---------------------------------------------------------------------------

     DELETE FROM   emp
            WHERE   num = 30
        RETURNING   empno, ename BULK COLLECT INTO   p_num, p_ename

EXECUTE IMMEDIATE

EXECUTE IMMEDIATE:-
---------------------------

Note:- This type of Dynamic SQL would not work in the 10.7 version Database.

For the Select statement

Note:- I have created the sample Examples code based on the EMP and DEPT table in the scott schema.

Example:-
----------

DECLARE
   L_DEPTNO   NUMBER DEFAULT 10 ;
   L_SAL      NUMBER;
BEGIN
   EXECUTE IMMEDIATE 'select max(sal) from emp
where deptno = :l_deptno'
      INTO   L_SAL
      USING L_DEPTNO;

   DBMS_OUTPUT.PUT_LINE (L_SAL);
END;
For the Insert statement

Note:- I have created the sample Examples code based on the EMP and DEPT table in the scott schema.

Example:-
-----------

DECLARE
   L_ENAME    VARCHAR2 (20) DEFAULT 'PHANI' ;
   L_EMPNO    NUMBER DEFAULT 2 ;
   L_DEPTNO   NUMBER DEFAULT 10 ;
BEGIN
   EXECUTE IMMEDIATE 'INSERT INTO EMP(ENAME,EMPNO,DEPTNO) VALUES
(:L_ENAME,:L_EMPNO,:L_DEPTNO)'
      USING L_ENAME, L_EMPNO,L_DEPTNO;
END;
For the Update Statement

Note
:- I have created the sample Examples code based on the EMP and DEPT table in the scott schema.

Example:-
-----------

DECLARE
   L_ENAME    VARCHAR2 (20) DEFAULT 'PHANI' ;
   L_EMPNO    NUMBER DEFAULT 2 ;
   L_DEPTNO   NUMBER DEFAULT 10 ;
BEGIN
   EXECUTE IMMEDIATE 'INSERT INTO EMP(ENAME,EMPNO,DEPTNO) VALUES
(:L_ENAME,:L_EMPNO,:L_DEPTNO)'
      USING L_ENAME, L_EMPNO,L_DEPTNO;
END;

NOCOPY

NOCOPY Hint Demo:-
------------------------

The NOCOPY hint tells the PL/SQL compiler to pass OUT and IN OUT parameters by reference, rather than by value.

When parameters are passed by value, the contents of the OUT and IN OUT parameters are copied to temporary variables, which are then used by the subprogram being called. On successful completion of the subprogram the values are copied back to the actual parameters, but unhandled exceptions result in the original parameter values being left unchanged. The process of copying large parameters, such as records, collections, and objects requires both time and memory which affects performance.

With the NOCOPY hint the parameters are passed by reference and on successful completion the outcome is the same, but unhandled exceptions may leave the parameters in an altered state, so programs must handle errors or cope with the suspect values.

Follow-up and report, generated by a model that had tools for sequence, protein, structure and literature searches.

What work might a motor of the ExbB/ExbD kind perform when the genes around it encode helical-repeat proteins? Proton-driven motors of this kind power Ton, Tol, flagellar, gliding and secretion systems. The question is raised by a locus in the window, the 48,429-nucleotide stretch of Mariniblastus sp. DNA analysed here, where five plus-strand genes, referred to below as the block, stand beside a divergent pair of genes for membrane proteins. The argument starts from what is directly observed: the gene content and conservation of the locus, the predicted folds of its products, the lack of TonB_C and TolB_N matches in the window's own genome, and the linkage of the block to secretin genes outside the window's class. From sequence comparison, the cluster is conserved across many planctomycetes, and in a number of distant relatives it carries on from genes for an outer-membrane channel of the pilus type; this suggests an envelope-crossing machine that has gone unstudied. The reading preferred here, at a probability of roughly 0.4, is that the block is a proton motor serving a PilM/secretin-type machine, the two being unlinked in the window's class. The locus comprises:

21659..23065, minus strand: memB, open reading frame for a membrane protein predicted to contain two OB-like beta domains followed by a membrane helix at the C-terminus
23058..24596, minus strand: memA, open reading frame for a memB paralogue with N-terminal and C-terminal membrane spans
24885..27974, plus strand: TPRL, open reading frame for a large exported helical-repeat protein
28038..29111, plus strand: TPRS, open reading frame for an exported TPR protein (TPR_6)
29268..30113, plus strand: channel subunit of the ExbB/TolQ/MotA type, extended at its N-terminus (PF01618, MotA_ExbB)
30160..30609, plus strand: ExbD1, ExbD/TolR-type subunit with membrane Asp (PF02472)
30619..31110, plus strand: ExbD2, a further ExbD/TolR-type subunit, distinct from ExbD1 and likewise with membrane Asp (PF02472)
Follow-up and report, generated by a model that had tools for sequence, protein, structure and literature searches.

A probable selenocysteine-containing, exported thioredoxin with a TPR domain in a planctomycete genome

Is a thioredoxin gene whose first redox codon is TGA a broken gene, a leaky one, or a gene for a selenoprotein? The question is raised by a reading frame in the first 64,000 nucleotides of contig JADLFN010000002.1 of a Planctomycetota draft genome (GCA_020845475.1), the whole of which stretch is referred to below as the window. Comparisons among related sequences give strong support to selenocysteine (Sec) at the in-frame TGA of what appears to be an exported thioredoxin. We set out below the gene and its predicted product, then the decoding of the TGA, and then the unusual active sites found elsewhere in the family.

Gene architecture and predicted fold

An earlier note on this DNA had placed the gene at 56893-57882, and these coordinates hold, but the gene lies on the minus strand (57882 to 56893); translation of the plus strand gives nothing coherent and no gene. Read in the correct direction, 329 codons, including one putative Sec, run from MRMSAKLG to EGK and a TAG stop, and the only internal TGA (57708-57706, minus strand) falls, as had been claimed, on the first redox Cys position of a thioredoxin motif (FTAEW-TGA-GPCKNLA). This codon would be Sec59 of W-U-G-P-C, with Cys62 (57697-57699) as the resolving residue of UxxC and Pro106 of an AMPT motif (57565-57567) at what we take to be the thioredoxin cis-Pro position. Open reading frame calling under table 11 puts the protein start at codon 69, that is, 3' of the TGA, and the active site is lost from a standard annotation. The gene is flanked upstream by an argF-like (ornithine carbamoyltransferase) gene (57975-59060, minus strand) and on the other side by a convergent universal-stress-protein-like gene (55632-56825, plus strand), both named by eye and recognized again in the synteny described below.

The nocopy.sql script compares the performance of both methods by passing a populated collection as a parameter.

nocopy.sql

SET SERVEROUTPUT ON

DECLARE
   TYPE t_tab IS TABLE OF VARCHAR2 (32767);

   l_tab     t_tab := t_tab ();
   l_start   NUMBER;

   PROCEDURE in_out (p_tab IN OUT t_tab)
   IS
   BEGIN
      NULL;
   END;

   PROCEDUREin_out_nocopy (p_tab IN OUT NOCOPY t_tab)
   IS
   BEGIN
      NULL;
   END;
BEGIN
   l_tab.EXTEND;
   l_tab (1) := '1234567890123456789012345678901234567890';
   l_tab.EXTEND (999999, 1);                 -- Copy element 1 into 2..1000000


   -- Time normal IN OUT
   l_start := DBMS_UTILITY.get_time;

   in_out (l_tab);

   DBMS_OUTPUT.put_line ('IN OUT : ' || (DBMS_UTILITY.get_time - l_start));

   -- Time IN OUT NOCOPY
   l_start := DBMS_UTILITY.get_time;

   in_out_nocopy (l_tab);                      -- pass IN OUT NOCOPY parameter

   DBMS_OUTPUT.put_line (
      'IN OUT NOCOPY: ' || (DBMS_UTILITY.get_time - l_start)
   );
END;
/

The output of the script clearly demonstrates the performance improvements possible when using the NOCOPY hint.

SQL> @nocopy.sql

IN OUT : 122
IN OUT NOCOPY: 0

PL/SQL procedure successfully completed.

Pragma

PRAGMA
Signifies that the statement is a pragma (compiler directive). Pragmas are processed at compile time, not at run time. They do not affect the meaning of a program; they simply convey information to the compiler.

1)
Autonomous Transaction

Autonomous Transactions is the child transaction, which are Independent of Parent transactions. In Our Example, p1 is child transaction, which is used in the Parent transaction.


Example
: -
CREATE or REPLACE Procedure p1 IS
Pragma Autonomous_transaction;
BEGIN
   INSERT INTO TEST_T
     VALUES   (1111, 'PHANI1');

   COMMIT;
END;
In the Declaration section, you will declare this Transaction as the Autonomous Transaction.
DECLARE
   A   NUMBER;
BEGIN
   INSERT INTO TEST_T
     VALUES   (2222, 'JACK');

   P1;
   ROLLBACK;
END;NOW Table has (1111,’PHANI’) Record. COMMIT in the PROCEDURE P1 have not commit the Outside (p1) DML operations. It will just commit p1 transactions.
The ROLLBACK will not rollback PHANI record, it will just rollback the JACK record.
CREATE OR REPLACE PROCEDURE p1
IS
BEGIN
   INSERT INTO TEST_T
     VALUES   (1111, 'PHANI1');

   COMMIT;
END;